Tony Blair: Geoff Hoon says he was ordered to burn document saying Iraq invasion was illegal

The former Defence Secretary says Blair’s chief of staff told his private secretary 'in no uncertain terms' to destroy the document

Geoff Hoon has claimed he was ordered to burn an Iraq War memo that stated the invasion was illegal in his new memoir See How They Run.

Hoon - who was the Defence Secretary during the 2003 war - says that Blair’s chief of staff Jonathan Powell told his private secretary “in no uncertain terms” to destroy the document.

Powell denied that he said the memo should be destroyed.

It comes as Labour leader Sir Keir Starmer said the Prime Minister has not “earned the right” of a knighthood once he leaves office.

Sir Keir’s comments about Boris Johnson come after the opposition leader dismissed criticism of Sir Tony Blair’s knighthood, insisting the former prime minister deserves the honour.

Nearly 700,000 people have signed a petition calling for Sir Tony’s appointment by the Queen to the Order of the Garter – the oldest and most senior British Order of Chivalry – to be rescinded over his domestic record and the Iraq War.

But Sir Keir insisted the honour is not a “thorny” issue and that Sir Tony had been a “very successful prime minister”.

After giving a speech in Birmingham about Labour’s priorities for 2022, Sir Keir was asked about the former prime minister’s knighthood, and whether Mr Johnson should be honoured in future.

He replied: “No, I am sorry, I don’t think that this Prime Minister has earned the right to have an honour.

“I do think Tony Blair has.”

In his speech, Sir Keir also paid tribute to the past Labour governments of Attlee, Wilson and Blair, adding they “made Britain a better country”.

He said: “We must be the people who write the fourth chapter. The people who create a new Britain in the 21st century.”

Sir Tony’s knighthood could clear the way for his successors in No 10 to be given similar honours, following reports that the delay in granting the accolade was blocking the others.

A Change.Org online petition calling for Sir Tony to be stripped of the honour had been signed by more than 687,000 people by Wednesday morning.

Sir Keir had earlier told ITV’s Good Morning Britain: “I don’t think it’s thorny at all; I think he deserves the honour. Obviously I respect the fact that people have different views.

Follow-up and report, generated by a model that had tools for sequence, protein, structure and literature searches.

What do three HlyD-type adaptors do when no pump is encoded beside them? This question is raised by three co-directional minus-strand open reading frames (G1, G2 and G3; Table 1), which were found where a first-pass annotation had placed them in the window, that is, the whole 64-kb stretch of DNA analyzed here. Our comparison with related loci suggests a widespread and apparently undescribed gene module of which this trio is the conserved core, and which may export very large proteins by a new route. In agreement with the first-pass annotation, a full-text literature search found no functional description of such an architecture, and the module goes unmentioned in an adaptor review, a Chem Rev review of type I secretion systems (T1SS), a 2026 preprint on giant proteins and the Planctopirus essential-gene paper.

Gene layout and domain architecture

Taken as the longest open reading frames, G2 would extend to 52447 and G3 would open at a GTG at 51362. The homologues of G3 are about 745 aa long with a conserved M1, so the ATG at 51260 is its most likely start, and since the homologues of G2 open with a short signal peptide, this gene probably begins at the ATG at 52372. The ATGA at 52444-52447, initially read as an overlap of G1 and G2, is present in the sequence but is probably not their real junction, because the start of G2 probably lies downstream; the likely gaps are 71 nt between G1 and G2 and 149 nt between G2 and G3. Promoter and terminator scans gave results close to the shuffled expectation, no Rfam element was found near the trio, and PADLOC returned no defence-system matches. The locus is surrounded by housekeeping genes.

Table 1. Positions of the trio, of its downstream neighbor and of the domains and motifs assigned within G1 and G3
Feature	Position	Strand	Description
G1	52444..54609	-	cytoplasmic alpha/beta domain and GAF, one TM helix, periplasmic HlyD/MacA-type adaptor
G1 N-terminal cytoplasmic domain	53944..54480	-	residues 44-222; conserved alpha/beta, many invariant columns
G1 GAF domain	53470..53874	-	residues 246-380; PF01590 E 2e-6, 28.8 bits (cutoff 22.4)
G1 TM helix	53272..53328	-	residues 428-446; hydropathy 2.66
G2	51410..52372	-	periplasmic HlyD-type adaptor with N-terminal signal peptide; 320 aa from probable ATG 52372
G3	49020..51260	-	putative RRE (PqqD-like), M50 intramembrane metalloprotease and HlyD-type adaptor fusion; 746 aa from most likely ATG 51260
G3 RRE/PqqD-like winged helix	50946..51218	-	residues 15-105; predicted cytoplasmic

“I understand there are strong views on the Iraq War. There were back at the time and there still are, but that does not detract from the fact that Tony Blair was a very successful prime minister of this country and made a huge difference to the lives of millions of people in this country.”

The Prime Minister’s official spokesman said: “Appointments to the Order of the Garter are a matter for Her Majesty the Queen, there is no involvement of the Prime Minister or Government, so it wouldn’t be one for me to comment on.

“I would point out every former prime minister before Tony Blair has received the Order of the Garter or Thistle.”

Asked whether Mr Johnson believed the signatories of the petition were wrong, the spokesman said it was “a matter for the Queen”.

It would also be a matter “entirely for Her Majesty the Queen” whether Mr Johnson receives a knighthood after leaving office, the spokesman added.

Meanwhile, vaccines minister Maggie Throup told LBC: “I think he [Sir Tony] did lots of good things. And I think it’s only right that we do honour our previous prime ministers. And he was prime minister for such a long time.”

In a hint that Gordon Brown, David Cameron and Theresa May could be in line for honours, she said: “I think obviously it now opens the doors for others to be recognised in the same way.”

Commons Speaker Sir Lindsay Hoyle has suggested that all former prime ministers should be offered a knighthood because “it is one of the toughest jobs in the world”.